However, someone decided that those placards looked suspicious – they called the police, who then called the bomb squad. Panic began to ensue as more placards (now called devices) were discovered around Boston. Boston Police arrested the artists, and just when everyone was sure that someone was trying to blow up Boston, a member of the mayor’s office recognized the placards from the show and explained that the placards weren’t a threat. The police were furious, and the stunt just ended up wasting everyone’s time instead of raising awareness about the show.
The takeaway? If you want to announce a 50 percent discount on your product, a guerilla marketing campaign isn’t for you. Your customers are smart – they’ll be able to tell when you’re just trying to make a quick buck, and they’ll send you straight to spam (or worse) without batting an eye. Keep it simple; focus on fun and humor. One of the best ways I’ve found to create great guerrilla marketing campaigns is to think – would I forward this on to a friend? Would I Slack this to a coworker with the caption ‘this is a great idea!”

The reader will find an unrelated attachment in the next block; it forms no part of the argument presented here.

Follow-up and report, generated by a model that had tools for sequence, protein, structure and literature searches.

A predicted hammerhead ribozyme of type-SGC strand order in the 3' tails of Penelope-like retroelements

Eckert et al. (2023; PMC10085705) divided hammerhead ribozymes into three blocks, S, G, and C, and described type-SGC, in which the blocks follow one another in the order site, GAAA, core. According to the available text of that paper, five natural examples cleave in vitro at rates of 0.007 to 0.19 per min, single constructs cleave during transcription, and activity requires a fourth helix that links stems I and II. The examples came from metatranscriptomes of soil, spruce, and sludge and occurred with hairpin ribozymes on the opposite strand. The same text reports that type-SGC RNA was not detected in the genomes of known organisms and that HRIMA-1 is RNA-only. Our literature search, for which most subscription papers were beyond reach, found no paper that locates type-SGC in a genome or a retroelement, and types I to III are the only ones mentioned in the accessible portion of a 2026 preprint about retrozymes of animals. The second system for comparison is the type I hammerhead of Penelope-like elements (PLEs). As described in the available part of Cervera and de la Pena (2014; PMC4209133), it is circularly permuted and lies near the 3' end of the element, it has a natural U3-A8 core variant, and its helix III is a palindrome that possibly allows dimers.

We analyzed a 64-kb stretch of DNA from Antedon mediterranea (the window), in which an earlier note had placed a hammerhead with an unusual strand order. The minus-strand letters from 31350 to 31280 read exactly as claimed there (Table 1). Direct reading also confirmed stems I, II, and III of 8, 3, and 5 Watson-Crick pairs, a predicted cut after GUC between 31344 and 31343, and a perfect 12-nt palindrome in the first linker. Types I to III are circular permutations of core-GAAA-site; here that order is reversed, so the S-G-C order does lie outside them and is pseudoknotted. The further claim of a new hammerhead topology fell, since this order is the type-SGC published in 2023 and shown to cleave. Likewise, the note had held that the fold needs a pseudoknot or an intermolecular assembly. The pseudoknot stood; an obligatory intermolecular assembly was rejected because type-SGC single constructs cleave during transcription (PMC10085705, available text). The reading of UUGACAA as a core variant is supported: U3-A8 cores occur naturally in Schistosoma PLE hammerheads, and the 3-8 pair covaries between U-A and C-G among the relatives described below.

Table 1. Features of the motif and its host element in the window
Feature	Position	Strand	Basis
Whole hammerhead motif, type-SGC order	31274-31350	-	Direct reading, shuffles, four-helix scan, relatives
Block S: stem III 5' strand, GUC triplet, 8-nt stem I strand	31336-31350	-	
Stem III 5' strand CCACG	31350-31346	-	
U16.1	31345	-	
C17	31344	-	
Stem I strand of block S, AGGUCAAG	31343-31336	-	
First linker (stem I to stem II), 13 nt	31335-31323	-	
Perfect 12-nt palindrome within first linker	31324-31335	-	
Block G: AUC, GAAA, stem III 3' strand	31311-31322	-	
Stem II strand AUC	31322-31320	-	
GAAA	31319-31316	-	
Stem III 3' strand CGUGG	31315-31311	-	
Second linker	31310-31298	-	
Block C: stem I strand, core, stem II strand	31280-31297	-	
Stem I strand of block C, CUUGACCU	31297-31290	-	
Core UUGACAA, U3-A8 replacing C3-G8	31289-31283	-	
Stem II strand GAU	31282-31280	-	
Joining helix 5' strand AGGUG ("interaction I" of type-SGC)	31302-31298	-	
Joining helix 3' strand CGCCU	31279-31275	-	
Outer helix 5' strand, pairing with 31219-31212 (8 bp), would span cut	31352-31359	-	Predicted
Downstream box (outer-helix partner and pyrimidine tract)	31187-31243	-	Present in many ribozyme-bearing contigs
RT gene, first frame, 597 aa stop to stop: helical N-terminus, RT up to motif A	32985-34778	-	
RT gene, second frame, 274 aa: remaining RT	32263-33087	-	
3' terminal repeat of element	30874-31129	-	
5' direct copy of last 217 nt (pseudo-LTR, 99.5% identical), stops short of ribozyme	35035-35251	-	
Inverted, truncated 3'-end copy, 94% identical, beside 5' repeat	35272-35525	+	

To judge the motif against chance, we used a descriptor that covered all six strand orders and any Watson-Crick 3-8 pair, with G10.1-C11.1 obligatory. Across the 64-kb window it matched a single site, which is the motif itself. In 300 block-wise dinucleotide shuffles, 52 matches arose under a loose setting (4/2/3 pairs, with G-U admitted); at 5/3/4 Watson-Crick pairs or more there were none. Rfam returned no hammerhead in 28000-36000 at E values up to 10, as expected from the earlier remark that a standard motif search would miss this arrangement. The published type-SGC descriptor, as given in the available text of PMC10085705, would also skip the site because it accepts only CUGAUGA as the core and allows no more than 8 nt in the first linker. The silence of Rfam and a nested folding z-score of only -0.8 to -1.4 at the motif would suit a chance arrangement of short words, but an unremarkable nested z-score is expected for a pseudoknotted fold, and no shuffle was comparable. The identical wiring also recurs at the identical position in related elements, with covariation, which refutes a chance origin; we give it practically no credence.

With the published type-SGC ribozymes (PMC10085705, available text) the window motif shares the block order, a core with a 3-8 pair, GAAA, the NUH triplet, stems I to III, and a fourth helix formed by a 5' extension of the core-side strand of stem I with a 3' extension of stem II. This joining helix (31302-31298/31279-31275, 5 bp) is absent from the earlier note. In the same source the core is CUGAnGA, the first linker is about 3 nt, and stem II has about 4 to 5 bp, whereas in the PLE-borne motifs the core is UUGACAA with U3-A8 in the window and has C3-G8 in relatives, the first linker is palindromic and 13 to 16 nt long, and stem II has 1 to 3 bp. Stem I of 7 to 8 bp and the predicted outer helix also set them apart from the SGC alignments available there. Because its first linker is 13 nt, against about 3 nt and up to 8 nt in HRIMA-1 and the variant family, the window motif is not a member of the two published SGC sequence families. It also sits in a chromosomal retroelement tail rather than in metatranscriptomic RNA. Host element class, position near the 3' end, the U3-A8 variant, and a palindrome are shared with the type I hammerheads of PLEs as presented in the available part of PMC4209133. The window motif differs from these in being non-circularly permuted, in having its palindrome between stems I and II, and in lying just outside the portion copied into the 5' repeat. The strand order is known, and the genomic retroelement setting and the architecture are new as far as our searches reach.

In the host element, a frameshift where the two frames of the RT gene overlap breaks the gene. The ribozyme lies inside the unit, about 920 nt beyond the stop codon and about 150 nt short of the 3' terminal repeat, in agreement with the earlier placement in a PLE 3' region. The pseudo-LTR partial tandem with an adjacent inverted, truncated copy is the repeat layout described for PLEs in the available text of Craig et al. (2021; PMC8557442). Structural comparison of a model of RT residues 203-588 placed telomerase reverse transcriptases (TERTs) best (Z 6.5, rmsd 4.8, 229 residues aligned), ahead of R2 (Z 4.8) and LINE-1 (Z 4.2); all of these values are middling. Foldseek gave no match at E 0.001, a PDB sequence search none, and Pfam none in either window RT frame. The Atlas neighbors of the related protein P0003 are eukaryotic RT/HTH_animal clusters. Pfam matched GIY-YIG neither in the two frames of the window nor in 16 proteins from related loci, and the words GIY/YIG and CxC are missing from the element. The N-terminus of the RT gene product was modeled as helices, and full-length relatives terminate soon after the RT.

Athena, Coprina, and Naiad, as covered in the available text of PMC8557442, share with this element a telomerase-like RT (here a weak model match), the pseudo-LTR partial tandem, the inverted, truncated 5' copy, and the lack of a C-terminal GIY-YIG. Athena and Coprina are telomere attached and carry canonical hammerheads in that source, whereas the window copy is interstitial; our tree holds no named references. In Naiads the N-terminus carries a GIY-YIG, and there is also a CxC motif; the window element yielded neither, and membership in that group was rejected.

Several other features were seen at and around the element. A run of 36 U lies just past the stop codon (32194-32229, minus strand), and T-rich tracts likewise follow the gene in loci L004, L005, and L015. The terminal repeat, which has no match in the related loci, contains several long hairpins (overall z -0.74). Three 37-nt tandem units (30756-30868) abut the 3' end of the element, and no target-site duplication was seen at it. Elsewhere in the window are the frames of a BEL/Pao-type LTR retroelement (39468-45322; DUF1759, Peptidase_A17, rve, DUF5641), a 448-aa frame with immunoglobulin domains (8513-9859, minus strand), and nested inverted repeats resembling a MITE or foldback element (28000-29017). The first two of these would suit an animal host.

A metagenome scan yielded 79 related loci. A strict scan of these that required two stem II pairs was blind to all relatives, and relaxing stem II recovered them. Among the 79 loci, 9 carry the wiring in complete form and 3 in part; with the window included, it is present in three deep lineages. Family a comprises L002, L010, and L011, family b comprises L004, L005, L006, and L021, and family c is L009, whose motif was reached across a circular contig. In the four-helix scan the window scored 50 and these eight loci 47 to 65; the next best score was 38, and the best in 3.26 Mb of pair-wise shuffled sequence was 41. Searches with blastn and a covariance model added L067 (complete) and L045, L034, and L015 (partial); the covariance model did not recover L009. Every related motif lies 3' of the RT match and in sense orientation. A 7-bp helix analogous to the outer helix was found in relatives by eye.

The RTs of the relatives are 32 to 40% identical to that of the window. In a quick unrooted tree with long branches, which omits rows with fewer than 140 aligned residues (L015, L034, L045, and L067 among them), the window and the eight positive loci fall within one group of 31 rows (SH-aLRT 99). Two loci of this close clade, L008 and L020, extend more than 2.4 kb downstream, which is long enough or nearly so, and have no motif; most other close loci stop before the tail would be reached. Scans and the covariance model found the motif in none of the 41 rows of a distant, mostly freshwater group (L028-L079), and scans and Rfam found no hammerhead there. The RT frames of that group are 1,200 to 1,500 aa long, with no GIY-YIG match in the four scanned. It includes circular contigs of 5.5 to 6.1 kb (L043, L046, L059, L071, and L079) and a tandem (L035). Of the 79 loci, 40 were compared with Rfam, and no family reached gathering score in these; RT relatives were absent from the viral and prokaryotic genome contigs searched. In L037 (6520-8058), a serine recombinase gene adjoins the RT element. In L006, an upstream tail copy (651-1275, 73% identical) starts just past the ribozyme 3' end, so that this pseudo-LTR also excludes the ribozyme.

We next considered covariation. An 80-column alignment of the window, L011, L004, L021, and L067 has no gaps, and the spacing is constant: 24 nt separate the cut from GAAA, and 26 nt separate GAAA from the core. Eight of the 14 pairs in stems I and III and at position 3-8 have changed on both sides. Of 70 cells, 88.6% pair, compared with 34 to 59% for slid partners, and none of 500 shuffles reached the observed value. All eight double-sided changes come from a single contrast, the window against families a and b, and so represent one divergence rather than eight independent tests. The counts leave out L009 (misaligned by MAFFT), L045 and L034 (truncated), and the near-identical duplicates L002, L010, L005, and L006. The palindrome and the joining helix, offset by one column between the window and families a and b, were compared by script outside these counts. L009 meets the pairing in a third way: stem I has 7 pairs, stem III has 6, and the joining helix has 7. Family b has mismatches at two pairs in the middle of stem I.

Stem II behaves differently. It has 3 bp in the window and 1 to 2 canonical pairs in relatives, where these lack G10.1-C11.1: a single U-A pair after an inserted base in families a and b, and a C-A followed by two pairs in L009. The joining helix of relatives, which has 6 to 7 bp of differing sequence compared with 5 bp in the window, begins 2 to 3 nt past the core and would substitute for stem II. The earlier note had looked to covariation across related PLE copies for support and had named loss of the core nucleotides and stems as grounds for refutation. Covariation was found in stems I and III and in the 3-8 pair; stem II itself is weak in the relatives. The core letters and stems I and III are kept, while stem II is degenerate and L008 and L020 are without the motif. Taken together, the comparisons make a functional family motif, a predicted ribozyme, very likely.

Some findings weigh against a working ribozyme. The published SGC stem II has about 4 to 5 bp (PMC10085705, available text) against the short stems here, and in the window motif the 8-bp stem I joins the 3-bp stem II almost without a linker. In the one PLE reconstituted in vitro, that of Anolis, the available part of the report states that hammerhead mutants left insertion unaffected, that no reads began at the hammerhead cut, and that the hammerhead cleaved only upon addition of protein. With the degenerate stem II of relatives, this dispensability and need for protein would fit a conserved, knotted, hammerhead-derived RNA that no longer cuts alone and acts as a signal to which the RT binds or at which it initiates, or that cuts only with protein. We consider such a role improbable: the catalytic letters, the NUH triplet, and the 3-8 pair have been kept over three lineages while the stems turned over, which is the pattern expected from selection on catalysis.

When done well, guerrilla marketing is a tactic that can bring a smile to someone’s face – all while putting your brand on the map.
About the Author: Holly Rollins is the owner and president of 10xdigital, a digital marketing agency that specializes in marketing strategy, SEO, pay-per-click advertising, PR/backlinks, and more.
Cindy Zuelsdorf is the Founding Partner of Kokoro Marketing. Cindy started her own marketing business after becoming an overworked marketing czar running sales and marketing for a high-tech company. She is a marketing automation expert and helps marketers, small business owners, and high-tech companies understand and master their marketing. Cindy offers a 7 Marketing […]
Melinda Emerson wrote this originally at Succeed As Your Own Boss .